The 1795 Silver dollar has a centered and off-center bust variety. Normally, Lady Liberty’s bust portrait is centered in the middle of the coin on the obverse.
But, due to a die misalignment, some coins that were struck that year came out with the portrait positioned too far to the left and away from the center, giving the coin the name “off-center bust.”
An easy way to identify an off-center bust dollar is with Lady Liberty’s hair which almost touches the bottom star on the left. This leaves a notable distance between the bust and the stars on the right.
The Professional Coin Grading Service has identified a few examples of the 1795 Off-Center Bust Silver Dollar in mint state MS66. One such piece sold for $705,000 in a 2020 auction.
The 1803 Proof Draped Bust Restrike is one of the rarest and most valuable dollar coins, with only four known examples. Three are graded Proof (PF)66 and the other PF65.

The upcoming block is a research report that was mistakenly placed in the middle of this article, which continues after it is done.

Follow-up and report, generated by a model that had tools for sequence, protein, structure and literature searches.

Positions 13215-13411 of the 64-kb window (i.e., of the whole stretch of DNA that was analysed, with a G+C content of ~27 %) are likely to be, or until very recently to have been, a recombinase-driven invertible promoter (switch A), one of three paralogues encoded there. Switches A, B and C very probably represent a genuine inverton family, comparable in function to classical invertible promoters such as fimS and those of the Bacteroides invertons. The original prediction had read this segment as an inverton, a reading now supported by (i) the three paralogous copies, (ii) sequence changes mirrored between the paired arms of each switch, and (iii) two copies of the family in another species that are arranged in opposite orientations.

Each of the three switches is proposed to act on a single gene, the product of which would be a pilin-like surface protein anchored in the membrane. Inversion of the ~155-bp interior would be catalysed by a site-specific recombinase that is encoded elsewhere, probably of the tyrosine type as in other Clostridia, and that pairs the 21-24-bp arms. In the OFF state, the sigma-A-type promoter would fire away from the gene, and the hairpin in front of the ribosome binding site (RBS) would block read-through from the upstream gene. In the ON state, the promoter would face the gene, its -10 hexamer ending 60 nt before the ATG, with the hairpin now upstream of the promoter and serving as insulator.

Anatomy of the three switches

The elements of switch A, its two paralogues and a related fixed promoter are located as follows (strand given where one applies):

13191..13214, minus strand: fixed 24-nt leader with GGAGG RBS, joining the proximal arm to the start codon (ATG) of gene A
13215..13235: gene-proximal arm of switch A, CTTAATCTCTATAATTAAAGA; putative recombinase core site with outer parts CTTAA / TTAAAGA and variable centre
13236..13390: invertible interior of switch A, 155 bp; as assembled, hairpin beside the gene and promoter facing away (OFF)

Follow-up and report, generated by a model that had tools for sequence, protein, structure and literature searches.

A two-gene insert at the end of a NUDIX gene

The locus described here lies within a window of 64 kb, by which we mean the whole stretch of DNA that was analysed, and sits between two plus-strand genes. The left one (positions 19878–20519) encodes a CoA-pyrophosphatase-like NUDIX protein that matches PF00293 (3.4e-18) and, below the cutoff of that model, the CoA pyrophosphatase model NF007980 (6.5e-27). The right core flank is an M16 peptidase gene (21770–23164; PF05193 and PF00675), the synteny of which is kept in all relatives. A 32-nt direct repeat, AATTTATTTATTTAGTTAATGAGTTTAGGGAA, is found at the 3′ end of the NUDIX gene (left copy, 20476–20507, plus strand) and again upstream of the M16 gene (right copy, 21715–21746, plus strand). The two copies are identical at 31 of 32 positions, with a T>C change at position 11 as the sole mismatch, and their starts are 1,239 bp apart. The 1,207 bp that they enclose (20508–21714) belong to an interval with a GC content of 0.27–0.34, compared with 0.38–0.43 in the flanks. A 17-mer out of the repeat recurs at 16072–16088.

These coins were actually struck in the 1850s and 1860s, although they were dated 1803 and were meant for advanced and deep-pocketed collectors who had created a demand for the now scarce 1803 proof dollars.
The most expensive example was auctioned in 2013 by Heritage for a record-breaking $851,875. These restrikes can fetch up to $1 million
in higher grades.
The 1893-S Morgan Dollar is aptly described as the “King of the Morgan Dollars Series.” The Mint struck only 100,000 pieces, and it is estimated that about 9000 examples have survived in all grades to date.
The 1893 Morgan Silver Dollars struck in San Francisco are the rarest of all Morgan dollars. These coins are exceptionally scarce in mint state and gem condition, with an estimated 120 pieces known to exist in mint state MS65 and above.
One example graded MS67 is the finest known to date and was sold for $2.1 million in 2021.
The 1976 Eisenhower dollar is a relatively modern coin but is among the rarest and most valuable. While most 1976 Eisenhower dollars spot an S mint mark showing they were produced in San Francisco, some were struck without the mint mark.